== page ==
Some years later, Margaret Rauenhorst told me how beneficial elderberries were.  She makes elderberry jam, tinctures, and wine from them.  One day early last spring she made a gorgeous pie with the berries she’d frozen last fall that she shared with us.  Margaret and Ronald have a lot of the bushes on their property and are planting more.   Other friends also set about collecting the berries in the fall, Steve and Barb Melchiskey for instance.

While with Margaret one day last fall, I bought an elderberry tree and planted it on the slope next to our driveway.  Elderberries like wet feet apparently.  It’s thriving, bloomed this spring, and I was able to get about 1 cup of berries from it this year.

Not long after, I realized–from seeing the leaves on our purchased elderberry–that the pesky tree on the wall was also an elderberry.  So, we left it alone I collected those berries as well.  Here they are in my kitchen sink–ready to be picked off their stems and frozen:

Here’s what Dr. Natasha Campbell-McBride says about elderberries in GUT AND PSYCHOLOGY SYNDROME:

“Black elderberry is a small tree, which grows pretty much everywhere from cold to very warm climates.  In spring it bears clusters of tiny whitish flowers, which at the end of the summer turn into small juicy black berries.  Medicinal properties of this plant have been appreciated for centuries.  Its flowers, berries, leaves and bark were traditionally used for treating colds, pneumonia, flu, sore throat, hay fever, wounds, eye infections and many other ailments….Black elderberry has strong immune-stimulating properties and it is one of the most powerful anti-viral remedies known to man….You do not have to be an experienced herbalist to use this plant….From the end of summer/beginning of autumn make it your bedtime routine to take 1-2 tablespoons [for family of four] of berries out of the freezer and leave them at room temperature to defrost over night.  In the morning juice them together with pineapple, carrot or any other fruit and vegetables you planned to use.  If you do it every day or every other day throughout the cold season your family will not have any colds.”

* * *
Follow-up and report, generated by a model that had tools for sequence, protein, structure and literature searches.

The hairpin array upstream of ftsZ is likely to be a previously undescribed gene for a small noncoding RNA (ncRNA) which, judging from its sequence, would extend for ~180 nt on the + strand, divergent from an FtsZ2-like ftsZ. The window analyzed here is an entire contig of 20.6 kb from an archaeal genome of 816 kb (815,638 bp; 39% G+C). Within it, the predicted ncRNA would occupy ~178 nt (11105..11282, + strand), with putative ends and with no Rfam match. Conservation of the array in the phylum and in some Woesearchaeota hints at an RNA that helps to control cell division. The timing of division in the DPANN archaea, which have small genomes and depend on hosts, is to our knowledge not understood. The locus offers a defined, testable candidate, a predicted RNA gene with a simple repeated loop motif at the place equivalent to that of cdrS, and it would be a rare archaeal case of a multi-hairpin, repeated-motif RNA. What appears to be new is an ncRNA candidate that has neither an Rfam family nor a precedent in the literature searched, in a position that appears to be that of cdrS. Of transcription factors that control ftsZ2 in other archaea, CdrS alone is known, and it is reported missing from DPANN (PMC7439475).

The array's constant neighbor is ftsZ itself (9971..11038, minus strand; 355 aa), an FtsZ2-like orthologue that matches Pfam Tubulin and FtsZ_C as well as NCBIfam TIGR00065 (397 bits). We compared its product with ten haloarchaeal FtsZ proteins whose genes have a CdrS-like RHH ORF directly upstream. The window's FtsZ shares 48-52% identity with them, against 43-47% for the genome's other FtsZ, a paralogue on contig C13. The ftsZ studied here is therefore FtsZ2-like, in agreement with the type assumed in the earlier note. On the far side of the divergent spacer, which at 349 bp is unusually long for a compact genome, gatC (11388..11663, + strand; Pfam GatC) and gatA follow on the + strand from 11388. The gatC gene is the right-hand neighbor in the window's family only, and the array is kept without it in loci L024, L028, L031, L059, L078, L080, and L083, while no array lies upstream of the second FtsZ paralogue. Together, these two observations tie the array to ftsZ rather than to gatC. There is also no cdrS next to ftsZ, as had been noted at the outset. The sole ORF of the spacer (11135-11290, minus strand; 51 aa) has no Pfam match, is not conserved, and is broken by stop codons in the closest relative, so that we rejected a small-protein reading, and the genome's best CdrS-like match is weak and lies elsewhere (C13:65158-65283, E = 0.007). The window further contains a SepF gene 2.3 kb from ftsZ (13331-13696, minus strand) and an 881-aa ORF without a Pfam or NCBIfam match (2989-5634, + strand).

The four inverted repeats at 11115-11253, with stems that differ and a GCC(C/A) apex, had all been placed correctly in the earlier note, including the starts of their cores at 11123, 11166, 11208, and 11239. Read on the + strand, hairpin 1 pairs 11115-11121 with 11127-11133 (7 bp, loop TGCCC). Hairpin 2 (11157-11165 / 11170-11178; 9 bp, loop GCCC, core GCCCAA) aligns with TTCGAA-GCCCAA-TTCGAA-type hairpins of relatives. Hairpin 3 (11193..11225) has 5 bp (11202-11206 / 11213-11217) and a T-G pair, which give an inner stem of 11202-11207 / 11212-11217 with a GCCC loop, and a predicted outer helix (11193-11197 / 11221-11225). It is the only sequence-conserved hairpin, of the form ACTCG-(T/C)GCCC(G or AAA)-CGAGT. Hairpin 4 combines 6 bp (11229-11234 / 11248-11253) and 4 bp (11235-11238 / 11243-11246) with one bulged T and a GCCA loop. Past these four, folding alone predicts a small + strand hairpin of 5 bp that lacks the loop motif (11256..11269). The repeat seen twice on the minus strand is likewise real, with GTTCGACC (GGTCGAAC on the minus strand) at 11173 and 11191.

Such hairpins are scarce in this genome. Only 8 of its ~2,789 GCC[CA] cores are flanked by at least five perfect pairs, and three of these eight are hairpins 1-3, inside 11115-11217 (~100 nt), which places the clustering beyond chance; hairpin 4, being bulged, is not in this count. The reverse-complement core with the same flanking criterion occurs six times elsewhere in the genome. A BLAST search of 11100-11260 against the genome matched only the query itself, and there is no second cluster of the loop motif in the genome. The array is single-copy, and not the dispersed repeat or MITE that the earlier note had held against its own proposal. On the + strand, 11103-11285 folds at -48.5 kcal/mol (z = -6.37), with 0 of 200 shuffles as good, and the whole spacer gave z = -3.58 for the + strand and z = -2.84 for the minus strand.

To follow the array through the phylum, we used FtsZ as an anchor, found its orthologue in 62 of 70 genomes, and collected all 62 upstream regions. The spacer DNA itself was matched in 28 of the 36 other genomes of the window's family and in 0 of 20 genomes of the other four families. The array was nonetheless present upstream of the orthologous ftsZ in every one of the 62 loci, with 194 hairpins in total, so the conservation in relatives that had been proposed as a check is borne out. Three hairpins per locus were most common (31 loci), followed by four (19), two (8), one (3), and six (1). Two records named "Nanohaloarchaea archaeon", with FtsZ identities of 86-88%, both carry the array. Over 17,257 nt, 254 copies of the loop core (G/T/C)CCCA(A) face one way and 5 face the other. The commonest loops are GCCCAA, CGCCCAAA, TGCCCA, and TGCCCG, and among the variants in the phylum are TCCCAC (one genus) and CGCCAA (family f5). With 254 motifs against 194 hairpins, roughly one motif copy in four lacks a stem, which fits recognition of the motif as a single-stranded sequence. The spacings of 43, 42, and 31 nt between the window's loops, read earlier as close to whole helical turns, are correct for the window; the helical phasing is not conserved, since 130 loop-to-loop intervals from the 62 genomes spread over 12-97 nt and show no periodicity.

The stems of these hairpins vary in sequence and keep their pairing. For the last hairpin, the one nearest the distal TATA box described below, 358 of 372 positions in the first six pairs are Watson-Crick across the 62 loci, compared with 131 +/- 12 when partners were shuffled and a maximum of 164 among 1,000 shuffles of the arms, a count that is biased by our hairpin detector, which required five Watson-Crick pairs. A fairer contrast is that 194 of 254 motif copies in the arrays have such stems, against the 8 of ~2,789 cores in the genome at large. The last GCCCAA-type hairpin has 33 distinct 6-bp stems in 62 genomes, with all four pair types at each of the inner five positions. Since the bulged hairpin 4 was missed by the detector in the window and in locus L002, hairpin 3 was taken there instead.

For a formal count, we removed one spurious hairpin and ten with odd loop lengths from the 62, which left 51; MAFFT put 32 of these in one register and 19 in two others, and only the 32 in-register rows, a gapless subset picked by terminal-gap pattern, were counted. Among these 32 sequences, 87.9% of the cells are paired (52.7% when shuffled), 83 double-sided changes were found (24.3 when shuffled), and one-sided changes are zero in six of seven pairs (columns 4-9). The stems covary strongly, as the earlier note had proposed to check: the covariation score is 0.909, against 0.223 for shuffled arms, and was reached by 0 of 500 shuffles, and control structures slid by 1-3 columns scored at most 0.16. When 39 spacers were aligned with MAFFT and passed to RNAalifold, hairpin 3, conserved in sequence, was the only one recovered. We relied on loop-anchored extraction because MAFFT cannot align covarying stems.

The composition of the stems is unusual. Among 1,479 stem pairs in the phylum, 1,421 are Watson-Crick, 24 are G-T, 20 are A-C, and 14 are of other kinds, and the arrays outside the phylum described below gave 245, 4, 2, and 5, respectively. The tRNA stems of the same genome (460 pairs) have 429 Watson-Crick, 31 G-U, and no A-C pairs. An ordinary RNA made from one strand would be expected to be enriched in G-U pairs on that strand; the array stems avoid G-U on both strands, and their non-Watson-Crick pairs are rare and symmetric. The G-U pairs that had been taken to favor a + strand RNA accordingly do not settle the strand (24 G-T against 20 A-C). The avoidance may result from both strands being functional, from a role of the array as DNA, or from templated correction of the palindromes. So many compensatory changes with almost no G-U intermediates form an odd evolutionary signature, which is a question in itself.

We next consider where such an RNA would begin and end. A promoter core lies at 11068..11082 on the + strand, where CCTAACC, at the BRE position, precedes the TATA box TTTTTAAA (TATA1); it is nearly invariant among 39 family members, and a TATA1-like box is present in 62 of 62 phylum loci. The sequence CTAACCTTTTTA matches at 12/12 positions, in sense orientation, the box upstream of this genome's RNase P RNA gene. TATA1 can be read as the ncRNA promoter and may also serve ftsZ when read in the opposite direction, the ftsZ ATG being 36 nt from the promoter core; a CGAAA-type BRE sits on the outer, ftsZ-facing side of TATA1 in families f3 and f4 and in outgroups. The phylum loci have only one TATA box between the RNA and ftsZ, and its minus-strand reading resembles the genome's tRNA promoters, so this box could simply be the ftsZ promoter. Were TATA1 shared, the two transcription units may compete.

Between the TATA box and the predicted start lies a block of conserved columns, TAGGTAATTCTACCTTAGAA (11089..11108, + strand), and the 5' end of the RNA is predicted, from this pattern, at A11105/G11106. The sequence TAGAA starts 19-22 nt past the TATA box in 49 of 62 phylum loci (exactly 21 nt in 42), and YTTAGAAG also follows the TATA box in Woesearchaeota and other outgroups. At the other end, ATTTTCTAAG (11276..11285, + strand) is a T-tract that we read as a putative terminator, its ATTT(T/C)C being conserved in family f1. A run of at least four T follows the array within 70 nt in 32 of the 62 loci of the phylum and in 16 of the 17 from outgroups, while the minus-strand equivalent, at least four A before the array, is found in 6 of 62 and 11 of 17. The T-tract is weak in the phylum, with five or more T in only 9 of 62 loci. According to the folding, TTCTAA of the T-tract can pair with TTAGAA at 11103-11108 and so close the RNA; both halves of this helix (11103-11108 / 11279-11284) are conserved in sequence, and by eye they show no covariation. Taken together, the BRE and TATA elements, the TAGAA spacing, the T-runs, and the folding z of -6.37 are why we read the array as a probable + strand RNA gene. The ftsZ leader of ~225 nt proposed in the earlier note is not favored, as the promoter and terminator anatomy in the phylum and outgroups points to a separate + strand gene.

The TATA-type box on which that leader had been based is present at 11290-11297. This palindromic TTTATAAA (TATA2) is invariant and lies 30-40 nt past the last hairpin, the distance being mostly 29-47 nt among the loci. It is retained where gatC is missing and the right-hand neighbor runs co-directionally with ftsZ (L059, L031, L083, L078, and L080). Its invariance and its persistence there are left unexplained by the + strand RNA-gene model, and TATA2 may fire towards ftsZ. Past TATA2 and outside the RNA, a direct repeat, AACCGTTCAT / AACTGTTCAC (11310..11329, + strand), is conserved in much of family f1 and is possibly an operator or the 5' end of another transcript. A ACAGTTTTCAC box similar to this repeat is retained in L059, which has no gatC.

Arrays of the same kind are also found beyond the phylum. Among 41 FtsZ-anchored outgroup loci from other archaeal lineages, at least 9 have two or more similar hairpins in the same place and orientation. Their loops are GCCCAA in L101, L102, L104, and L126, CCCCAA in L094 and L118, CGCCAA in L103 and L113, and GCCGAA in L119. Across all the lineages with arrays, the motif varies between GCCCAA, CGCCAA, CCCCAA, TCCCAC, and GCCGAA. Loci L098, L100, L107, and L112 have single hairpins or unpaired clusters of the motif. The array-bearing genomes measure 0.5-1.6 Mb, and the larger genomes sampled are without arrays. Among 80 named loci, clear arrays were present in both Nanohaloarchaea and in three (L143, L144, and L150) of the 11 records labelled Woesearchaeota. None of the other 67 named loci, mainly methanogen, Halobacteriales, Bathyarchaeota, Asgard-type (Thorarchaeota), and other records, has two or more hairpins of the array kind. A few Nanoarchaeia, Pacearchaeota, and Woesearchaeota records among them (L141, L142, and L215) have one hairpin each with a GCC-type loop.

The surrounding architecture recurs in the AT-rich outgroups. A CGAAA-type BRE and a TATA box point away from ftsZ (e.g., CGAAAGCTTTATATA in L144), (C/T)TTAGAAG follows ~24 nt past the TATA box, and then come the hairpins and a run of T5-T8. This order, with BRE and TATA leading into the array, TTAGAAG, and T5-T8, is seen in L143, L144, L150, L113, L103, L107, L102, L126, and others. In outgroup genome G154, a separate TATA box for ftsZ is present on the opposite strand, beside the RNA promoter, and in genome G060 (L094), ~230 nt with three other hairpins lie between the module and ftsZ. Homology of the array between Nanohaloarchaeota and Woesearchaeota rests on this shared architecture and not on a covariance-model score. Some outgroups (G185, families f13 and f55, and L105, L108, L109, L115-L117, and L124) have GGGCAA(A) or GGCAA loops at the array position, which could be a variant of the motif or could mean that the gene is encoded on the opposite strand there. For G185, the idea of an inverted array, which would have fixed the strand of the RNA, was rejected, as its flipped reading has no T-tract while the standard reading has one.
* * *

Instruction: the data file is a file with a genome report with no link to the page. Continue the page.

Dr. McBride goes on to say that for one person 1 teaspoon of the berries daily is a good dose.

Here in Maine we can buy Avena herbs elderberry tincture, and I always keep it on hand.  And, I keep an elderberry tea on hand as well.  At the first sign of anything going wrong, I start using the tincture and drinking the tea.  Knock on wood, but I can’t remember when I had a cold last.